The only thing that can match Aditya Vij’s odd and diverse collection of artefacts is his equally unconventional personality. The museum in his residence houses many items that history buffs would love to get their hands on – from an enviable comics collection to 13 vintage cars
The only thing that can match Aditya Vij’s odd and diverse collection of artefacts is his equally unconventional personality. The museum in his residence houses many items that history buffs would love to get their hands on – from an enviable comics collection to 13 vintage cars, more than 4,000 matchboxes and even fossils! Aditya was recently featured on Doordarshan as a ‘History Hunter’, where he showcased his artefacts that reflect various trends over time.
We decided to talk to him to find out more about his quirky and somewhat expensive hobby, and its paybacks.
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Q: Do you recall when you first decided you were going to start collecting memorabilia from the past?
A: I was barely 5-6 years old when I first started collecting colourful matchboxes – I used to go on walks with my father and he’d give me matchboxes. I continued collecting random knick-knacks for five years and then took a break for the next 25. My daughter stumbled upon my old collection and asked why I didn’t continue, so I started putting these items together again. It helped that I’d just inherited a large chunk of my father’s old collection of books.
Q: Is your family keen on making sure you have a praiseworthy collection? And do you think it’s a trait that has been passed down?
A: Not really. As a matter of fact, they call me a kabadiwallah and a hoarder, ha-ha! But it’s usually out of affection. They have a lot of respect for what I’m trying to do. Over the last couple of years I thought I’d give this a concrete direction and decided to set up a museum, which I run out of my house.
Q: Why do you feel like making a museum is the next big step for you?
Over the last few years, I’ve seen technology changing so drastically. Everything that we used and held precious in our childhood practically disappeared overnight! A lot of people who come to the museum wish to show their kids how a typewriter used to work, or how to click a picture using a film reel camera and how a bellow camera with a black scarf thrown over the head used to function. Even an MTNL phone with a rotating dial is eye-opening for the kids.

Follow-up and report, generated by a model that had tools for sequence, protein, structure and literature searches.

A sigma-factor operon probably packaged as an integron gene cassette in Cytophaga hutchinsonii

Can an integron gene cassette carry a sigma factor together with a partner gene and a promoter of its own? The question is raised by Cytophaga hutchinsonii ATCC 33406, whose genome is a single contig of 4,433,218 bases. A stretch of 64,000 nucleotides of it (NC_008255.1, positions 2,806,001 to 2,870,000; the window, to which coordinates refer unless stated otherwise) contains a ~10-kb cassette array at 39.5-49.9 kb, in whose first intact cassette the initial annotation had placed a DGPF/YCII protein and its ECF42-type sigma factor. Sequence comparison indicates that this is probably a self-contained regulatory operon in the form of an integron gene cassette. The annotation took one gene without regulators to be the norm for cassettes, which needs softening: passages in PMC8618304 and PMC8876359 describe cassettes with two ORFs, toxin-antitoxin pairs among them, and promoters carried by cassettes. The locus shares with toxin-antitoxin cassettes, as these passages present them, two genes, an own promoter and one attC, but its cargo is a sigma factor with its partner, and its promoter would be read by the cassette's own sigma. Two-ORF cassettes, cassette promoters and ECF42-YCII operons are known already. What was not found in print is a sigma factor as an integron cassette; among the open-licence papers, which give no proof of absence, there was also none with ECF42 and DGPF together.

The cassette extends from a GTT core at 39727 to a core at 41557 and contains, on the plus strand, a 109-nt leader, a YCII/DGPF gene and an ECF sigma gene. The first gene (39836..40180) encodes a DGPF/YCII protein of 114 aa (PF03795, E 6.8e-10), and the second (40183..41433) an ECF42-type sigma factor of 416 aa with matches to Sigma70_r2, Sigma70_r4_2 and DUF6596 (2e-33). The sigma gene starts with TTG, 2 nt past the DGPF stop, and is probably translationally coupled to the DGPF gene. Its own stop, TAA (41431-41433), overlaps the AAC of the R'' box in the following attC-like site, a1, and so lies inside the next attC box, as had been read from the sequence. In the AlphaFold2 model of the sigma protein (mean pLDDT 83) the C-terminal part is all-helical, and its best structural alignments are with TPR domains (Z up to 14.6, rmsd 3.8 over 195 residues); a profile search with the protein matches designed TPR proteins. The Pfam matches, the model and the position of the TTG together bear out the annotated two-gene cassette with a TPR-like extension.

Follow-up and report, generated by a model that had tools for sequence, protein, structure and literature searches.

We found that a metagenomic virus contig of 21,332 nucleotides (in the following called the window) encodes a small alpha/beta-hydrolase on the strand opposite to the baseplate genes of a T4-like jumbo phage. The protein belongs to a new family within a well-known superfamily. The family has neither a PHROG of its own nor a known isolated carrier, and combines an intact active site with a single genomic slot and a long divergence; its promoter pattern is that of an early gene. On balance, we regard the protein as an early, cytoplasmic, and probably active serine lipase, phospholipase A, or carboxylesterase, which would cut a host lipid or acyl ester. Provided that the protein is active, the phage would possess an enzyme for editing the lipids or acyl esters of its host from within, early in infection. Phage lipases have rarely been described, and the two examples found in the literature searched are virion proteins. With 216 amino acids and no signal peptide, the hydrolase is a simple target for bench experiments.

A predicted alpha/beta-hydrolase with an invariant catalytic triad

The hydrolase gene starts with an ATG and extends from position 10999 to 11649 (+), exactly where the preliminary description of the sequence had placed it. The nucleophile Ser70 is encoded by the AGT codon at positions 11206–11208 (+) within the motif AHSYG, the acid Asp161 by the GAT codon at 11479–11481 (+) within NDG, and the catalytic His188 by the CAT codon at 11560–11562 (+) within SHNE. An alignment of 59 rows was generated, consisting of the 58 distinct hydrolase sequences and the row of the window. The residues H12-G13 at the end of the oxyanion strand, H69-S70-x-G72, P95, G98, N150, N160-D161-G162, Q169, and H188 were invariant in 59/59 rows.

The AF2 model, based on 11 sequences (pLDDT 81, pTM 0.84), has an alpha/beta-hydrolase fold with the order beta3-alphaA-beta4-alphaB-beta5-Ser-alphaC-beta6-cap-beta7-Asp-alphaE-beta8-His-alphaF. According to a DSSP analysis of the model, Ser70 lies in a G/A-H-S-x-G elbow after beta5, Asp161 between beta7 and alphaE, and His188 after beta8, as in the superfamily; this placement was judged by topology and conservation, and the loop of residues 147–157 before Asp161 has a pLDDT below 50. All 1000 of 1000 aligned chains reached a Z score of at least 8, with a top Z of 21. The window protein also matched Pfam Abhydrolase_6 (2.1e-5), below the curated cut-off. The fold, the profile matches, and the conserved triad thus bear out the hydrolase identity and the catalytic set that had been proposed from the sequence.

Q: Do you start collecting things only when they are about to disappear?
A: Not really. I’ve put together things that disappeared a long time ago. I have cameras going back to the 1890s, hand-painted movie posters from the 1940s, and typewriters from 1908 when they used to weigh about 11 kgs.
Q: What kind of value do these items have for you – apart from the monetary value and the fact they are relics from a bygone era?
A: A lot of people who come to the museum are overwhelmed by the wave of nostalgia that hits them when they enter it. These items are not just relics but objects from an era before the assembly line and mechanisation. The items in my collection were painstakingly made by hand and each object is a piece of art – be it posters, books or cars. Each item is a representation of the craftsman’s skill and is built to last – unlike goods that are produced in this day and age which have a maximum shelf life of three years.
Q: Are there collectors in India whose collections you are secretly envious of?
A: Ha-ha, plenty! Many people have individual collections and they buy items only from a certain product category. I know people who have a collection of 200 typewriters or 300 vintage cars or 700 cars, but I’m yet to come across someone who has a variety of items in his/her collection. I do not miss out on a single category – I have everything from 4000 matchboxes to 13 vintage cars.
Q: Where do you shop for your goods and how do you verify the authenticity of these artefacts?
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A: There are agents around the country who have tie-ups with people who buy scrap from old houses – they source items from there and offer them to me or other collectors. This is the most common channel; every alternate day I get an offer from agents. Luckily, I have experts who know whether these items are authentic. It’s hard to tell, especially with foreign goods, but I’m armed with a degree in anthropology to help me detect hoaxes.
Q: Tell us about your show History Hunter.
A: The idea of History Hunter was conceived for the History Channel but after reading my interview with Hindustan Times, the director of Doordarshan approached me and made an offer. I was happy to see a positive reaction because the show was able to reach the masses; it was telecast all over India. But more requests have been pouring in, so we’ve decided to upload the show on the YouTube channel of Prasar Bharti.
Q: What are the oldest items in your collections?
A: The oldest items in my collection are some pre-historic rock tools that I collected during an expedition when I was a student of anthropology. I also own some fossils of fish, snails, tadpoles, and fern leaves, which are millions of years old.
What is your favourite item in your massive collection?
I don’t have an answer to that. You can’t choose between your kids!
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